Fascin expression is increased in different types of cancers including breast, lung, ovary, esophagus, kidney, and colon [24–33]. In addition, high fascin expression has been observed in many transformed cells and carcinoma cell lines [15,24,26,29,34]. Cancer cells expressing high levels of fascin exhibit morphologic characteristics, such as increased membrane protrusions and migration ability. However, little is known about the role of fascin in human brain tumors. Recently, two studies reported the relationship between fascin expression and human gliomas [35,36]. Both studies demonstrate that an increase in fascin expression is associated with increasing tumor grade in glial tumors. To date, no studies have examined the consequences of fascin manipulations in experimental glioma cell systems. Accordingly, to determine if fascin plays a role in the migratory capacity of glioma cells, we have used small interfering RNAs (siRNA) to suppress the expression of fascin in glioma cells. Here we report our results on fascin knockdown on glioma cell proliferation, adhesion, migration, and invasivenevess in vitro and in an ex vivo rat brain slice model system.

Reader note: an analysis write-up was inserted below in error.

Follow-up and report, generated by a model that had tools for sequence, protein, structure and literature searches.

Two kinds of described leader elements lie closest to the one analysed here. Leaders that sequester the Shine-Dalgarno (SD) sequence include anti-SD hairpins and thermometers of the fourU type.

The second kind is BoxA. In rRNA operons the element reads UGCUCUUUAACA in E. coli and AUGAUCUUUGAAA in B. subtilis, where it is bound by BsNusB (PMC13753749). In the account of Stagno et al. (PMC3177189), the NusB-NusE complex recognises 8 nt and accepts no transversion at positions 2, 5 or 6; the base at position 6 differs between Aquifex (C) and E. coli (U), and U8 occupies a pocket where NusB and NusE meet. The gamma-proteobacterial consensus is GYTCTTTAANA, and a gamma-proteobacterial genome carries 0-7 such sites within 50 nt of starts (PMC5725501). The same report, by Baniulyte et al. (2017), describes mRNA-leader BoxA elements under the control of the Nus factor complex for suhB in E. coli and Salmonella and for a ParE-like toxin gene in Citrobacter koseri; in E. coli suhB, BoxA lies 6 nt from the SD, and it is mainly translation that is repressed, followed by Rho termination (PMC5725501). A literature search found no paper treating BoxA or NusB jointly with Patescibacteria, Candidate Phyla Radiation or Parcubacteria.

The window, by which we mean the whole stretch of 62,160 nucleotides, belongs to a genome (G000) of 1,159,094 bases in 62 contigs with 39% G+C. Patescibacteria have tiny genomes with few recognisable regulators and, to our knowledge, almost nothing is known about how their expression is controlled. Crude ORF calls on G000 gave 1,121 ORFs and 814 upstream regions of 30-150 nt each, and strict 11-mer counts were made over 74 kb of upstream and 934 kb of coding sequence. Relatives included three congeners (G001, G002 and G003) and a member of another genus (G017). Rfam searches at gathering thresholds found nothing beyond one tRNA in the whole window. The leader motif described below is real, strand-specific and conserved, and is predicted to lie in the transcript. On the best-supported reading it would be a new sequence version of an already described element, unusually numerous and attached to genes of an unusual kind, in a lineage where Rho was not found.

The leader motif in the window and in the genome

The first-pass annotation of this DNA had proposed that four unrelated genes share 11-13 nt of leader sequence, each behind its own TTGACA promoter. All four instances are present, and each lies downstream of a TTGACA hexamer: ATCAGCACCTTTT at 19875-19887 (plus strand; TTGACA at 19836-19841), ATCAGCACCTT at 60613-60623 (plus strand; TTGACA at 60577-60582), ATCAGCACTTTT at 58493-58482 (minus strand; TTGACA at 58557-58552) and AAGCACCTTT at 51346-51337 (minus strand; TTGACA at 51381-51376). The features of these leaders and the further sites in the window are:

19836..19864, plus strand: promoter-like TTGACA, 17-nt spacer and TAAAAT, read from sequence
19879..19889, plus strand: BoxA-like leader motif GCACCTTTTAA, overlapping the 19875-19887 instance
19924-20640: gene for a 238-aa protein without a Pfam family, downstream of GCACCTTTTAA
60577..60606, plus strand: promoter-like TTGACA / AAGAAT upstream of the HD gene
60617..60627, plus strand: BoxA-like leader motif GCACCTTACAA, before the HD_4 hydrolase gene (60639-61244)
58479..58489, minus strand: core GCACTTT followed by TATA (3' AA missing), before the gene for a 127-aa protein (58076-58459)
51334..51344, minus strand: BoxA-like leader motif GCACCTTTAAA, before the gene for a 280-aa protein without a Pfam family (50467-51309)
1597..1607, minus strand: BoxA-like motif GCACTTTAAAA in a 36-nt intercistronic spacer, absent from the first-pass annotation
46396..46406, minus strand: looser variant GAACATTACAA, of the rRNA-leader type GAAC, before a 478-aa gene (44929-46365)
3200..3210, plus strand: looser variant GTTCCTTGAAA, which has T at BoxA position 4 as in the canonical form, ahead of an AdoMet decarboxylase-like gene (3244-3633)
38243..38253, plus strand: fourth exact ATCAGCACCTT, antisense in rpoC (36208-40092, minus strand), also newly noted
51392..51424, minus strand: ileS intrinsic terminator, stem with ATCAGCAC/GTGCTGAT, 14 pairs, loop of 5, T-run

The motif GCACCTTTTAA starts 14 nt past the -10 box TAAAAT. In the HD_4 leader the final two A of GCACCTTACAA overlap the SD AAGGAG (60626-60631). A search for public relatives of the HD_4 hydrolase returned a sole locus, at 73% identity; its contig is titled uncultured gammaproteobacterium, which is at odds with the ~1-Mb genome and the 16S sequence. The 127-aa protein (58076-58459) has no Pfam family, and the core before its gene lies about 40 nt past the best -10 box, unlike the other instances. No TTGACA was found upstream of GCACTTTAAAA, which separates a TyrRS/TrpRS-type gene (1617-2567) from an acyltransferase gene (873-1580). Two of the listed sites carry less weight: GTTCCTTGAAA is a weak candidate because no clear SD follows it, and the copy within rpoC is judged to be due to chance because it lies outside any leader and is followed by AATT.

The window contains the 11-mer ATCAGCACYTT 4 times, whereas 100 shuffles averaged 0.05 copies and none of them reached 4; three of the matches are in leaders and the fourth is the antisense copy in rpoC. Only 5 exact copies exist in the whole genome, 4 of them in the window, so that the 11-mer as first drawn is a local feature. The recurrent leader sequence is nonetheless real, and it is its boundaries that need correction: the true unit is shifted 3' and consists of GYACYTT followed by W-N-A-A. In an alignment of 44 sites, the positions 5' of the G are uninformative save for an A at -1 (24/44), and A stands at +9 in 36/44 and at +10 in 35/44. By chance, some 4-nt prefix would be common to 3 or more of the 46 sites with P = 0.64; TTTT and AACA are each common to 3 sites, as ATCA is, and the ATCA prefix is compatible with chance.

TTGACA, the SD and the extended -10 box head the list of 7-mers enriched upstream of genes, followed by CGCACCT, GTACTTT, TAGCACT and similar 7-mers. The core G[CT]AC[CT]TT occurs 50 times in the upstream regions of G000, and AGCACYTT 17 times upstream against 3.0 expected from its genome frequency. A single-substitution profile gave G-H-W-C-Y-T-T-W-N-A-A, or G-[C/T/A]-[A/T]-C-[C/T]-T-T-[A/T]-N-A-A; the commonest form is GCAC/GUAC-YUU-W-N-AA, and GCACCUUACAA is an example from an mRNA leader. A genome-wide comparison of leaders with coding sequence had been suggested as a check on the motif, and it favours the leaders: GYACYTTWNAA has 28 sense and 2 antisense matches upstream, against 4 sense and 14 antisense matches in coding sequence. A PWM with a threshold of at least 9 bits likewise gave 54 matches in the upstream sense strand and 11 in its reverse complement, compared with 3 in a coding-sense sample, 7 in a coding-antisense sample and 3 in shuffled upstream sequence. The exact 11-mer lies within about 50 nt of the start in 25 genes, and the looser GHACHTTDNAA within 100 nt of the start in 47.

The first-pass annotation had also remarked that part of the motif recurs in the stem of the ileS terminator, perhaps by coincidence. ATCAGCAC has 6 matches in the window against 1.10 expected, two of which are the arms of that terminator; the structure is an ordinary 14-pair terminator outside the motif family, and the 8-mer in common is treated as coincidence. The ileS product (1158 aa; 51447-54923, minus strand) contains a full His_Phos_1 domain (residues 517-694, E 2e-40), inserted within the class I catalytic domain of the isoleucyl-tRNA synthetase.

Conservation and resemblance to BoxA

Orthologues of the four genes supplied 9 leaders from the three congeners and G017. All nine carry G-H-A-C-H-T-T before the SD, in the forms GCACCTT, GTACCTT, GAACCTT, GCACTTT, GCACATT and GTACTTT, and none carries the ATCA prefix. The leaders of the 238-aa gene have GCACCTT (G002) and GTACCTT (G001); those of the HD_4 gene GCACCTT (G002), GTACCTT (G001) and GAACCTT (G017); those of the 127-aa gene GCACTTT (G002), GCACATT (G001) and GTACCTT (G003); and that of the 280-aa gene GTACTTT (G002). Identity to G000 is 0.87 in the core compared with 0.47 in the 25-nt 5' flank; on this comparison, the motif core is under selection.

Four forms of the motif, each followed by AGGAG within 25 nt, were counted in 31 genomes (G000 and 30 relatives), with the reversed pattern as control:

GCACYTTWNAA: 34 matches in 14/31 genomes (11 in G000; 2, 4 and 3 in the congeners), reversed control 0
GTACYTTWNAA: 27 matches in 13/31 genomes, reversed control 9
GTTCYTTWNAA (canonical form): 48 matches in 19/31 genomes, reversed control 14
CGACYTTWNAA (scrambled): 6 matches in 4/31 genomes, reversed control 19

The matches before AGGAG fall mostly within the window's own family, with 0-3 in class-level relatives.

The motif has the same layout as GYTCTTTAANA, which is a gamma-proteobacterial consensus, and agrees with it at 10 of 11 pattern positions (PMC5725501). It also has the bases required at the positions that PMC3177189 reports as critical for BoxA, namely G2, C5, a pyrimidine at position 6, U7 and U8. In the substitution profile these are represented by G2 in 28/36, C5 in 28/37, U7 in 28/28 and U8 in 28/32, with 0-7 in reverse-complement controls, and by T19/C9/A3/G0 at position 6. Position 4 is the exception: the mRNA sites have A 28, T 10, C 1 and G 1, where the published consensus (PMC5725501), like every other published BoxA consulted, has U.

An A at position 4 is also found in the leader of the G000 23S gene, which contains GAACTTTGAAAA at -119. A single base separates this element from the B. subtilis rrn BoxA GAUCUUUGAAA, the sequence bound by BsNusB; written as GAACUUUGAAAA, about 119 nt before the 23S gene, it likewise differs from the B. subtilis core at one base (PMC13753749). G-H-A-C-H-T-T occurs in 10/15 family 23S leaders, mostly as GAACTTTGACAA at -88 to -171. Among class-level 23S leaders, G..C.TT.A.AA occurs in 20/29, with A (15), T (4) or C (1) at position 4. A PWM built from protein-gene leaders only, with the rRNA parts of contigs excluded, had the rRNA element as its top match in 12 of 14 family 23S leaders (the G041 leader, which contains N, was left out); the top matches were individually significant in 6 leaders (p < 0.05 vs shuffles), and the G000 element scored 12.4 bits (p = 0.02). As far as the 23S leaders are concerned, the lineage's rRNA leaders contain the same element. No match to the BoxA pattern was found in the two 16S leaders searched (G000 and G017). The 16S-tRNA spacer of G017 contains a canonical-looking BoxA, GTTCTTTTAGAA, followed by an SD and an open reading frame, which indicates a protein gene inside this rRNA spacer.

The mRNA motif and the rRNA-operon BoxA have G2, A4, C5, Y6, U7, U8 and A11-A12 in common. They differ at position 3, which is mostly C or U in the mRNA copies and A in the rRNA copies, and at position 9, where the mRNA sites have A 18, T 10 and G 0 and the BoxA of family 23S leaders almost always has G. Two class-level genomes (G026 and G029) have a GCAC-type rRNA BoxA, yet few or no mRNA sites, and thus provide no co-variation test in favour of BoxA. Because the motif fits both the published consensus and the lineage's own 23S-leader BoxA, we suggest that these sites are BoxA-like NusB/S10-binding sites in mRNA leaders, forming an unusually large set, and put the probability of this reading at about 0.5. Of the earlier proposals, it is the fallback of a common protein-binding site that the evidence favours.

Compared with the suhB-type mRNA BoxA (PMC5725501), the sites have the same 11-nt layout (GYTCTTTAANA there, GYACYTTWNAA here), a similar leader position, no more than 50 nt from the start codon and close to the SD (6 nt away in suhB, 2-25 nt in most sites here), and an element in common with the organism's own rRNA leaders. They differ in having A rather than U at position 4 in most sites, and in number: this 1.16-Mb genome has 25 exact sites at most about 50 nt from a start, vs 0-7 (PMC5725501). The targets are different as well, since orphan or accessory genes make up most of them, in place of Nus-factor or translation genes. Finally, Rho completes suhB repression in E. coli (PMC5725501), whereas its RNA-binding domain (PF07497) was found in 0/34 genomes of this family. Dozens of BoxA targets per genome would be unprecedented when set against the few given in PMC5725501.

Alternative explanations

Material and Methods

Cell Culture and Extracellular Matrix

The permanent, well-characterized human glioma cell lines U251, U87, SNB19, U138, T98, and U118 were received from the American Type Culture Collection (Manassas, VA). The U343 cell line was obtained from Brain Tumor Research Center, University of California (San Francisco, CA). U251-GFP, a glioma cell line stably expressing green fluorescence protein (GFP), was provided by Michael Berens (The Translational Genomics Research Institute, Phoenix, AZ). Glioma cells were maintained in Dulbecco's modified Eagle's medium (DMEM) supplemented with 10% fetal bovine serum (FBS) and cultured at 37°C, 5% CO2 in a humidified chamber. Normal human astrocytes were purchased from Clonetics (East Rutherford, NJ) and maintained in ABM media containing 3% FBS, 0.1% ascorbic acid, 0.5% recombinant human epidermal growth factor, 0.1% GA-1000, 0.25% insulin, and 1% l-glutamine (all from Clonetics). The human ECM proteins laminin, vitronectin, fibronectin, and collagen type IV were obtained from Sigma (St. Louis, MO).